Our world faces unprecedented challenges with climate change: how do we stop it and continue to meet demands for food, water and energy without degrading natural systems? The Nature Conservancy is confronting these challenges head-on — through a new set of priorities that focus on everything from green infrastructure to sustainable agriculture and fisheries, natural defenses against extreme weather to encouraging sustainable energy forms and corporate practices. We firmly believe that conservation can be a solution to the climate challenges mounting against both nature and people.
That’s why the Conservancy has established the NatureNet Science Fellows Program in partnership with a rotating set of the world’s leading universities to create a reservoir of new interdisciplinary science talent that will carry out the new work of conservation.
Ideal Candidate Profile
While the Conservancy will always employ naturalists and biologists and landscape ecologists, it now needs new brands of science and engineering to tackle these new challenges — science that blends climatology, physics, economics, business, chemistry, engineering, technology and communications with conservation and ecology. And addressing human well-being demands a science practice that marries the best academic analyses with opportunities to rapidly test and deploy those analyses in the real world.
Ideal candidates for NatureNet Science Fellowships are outstanding early-career scientists and engineers who seek to improve and expand their research skills while directing their efforts toward problems at the interface of climate, conservation, business and technology.
The NatureNet Science Fellows Program drives major scientific and engineering advances that confront climate change and all its challenges, trains new leaders in this space from a wide set of disciplines, and creates a network across universities, fellows and the conservation community that ensures tangible change.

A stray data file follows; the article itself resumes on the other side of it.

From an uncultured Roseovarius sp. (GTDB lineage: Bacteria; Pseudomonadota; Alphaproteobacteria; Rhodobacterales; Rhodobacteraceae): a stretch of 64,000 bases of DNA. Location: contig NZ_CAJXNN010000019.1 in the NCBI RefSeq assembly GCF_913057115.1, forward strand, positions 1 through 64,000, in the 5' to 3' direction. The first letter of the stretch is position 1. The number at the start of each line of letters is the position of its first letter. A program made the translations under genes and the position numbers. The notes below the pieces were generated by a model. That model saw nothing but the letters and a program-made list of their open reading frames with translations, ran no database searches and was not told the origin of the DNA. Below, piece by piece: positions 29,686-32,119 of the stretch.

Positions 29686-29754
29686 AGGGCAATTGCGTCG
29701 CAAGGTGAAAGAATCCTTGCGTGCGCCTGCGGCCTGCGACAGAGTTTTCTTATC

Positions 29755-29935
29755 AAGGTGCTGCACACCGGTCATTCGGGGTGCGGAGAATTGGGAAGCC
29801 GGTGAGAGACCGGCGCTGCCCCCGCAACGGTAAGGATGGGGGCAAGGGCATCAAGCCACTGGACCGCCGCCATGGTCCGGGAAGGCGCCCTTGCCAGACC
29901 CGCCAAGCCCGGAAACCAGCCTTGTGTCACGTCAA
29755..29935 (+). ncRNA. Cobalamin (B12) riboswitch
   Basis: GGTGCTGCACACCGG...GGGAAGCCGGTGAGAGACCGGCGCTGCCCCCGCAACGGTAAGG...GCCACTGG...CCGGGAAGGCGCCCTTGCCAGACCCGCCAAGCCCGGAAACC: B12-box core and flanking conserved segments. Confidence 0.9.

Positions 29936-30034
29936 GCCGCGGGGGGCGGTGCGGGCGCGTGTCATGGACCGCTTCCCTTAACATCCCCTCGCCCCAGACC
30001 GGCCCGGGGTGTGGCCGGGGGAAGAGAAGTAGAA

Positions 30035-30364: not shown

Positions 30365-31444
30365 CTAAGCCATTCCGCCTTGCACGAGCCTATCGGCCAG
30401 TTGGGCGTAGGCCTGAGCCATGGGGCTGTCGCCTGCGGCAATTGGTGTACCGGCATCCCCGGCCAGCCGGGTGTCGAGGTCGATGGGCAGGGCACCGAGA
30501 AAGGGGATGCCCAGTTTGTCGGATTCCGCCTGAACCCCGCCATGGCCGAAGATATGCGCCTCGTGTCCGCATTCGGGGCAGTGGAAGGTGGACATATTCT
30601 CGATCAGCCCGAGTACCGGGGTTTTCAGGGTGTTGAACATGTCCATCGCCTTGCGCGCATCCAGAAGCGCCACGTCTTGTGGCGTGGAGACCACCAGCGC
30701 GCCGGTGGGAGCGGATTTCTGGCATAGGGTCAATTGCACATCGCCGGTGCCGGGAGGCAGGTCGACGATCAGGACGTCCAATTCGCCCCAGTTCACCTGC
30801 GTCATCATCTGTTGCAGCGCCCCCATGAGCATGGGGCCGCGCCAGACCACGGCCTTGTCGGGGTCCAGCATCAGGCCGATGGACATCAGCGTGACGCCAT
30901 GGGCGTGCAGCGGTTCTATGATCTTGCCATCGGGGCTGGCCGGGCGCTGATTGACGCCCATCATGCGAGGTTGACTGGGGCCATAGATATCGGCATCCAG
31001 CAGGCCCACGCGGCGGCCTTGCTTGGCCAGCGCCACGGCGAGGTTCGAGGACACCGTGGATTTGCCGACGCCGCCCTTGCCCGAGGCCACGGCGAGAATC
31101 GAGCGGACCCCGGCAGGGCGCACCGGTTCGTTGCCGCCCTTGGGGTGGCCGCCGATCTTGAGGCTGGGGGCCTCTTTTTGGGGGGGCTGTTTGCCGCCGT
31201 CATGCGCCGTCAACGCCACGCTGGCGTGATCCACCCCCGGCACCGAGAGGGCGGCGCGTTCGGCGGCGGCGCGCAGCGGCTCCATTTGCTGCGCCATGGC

The program involves a novel design that gives Fellows experience in the dual worlds of academia and practice, and provides a space for new disciplinary insights to enter the realm of conservation. Fellows have two mentors, and as a team, they design cross-cutting research that transcends current disciplinary boundaries.
Tailored thought leadership, collaboration and communications trainings give Fellows the skills needed to take their research beyond publications to impact. The program’s novel Solution Space, held every year, puts Fellows and mentors across cohorts together in a science hack-a-thon aimed at solving an immediate and pressing conservation problem in a single week.
- Arizona State University (Not taking applicants in 2017)
- Brown University (Not taking applicants in 2017)
- Columbia University
- Cornell University
- Princeton University (Not taking applicants in 2017)
- Stanford University
- University of California – Los Angeles
- University of Minnesota
- University of Queensland at Brisbane
- University of Virginia at Charlottesville
- University of Pennsylvania
- Yale University (Not taking applicants in 2017)
For more information on the NatureNet Science Fellows program, please contact NatureNetScience@tnc.org.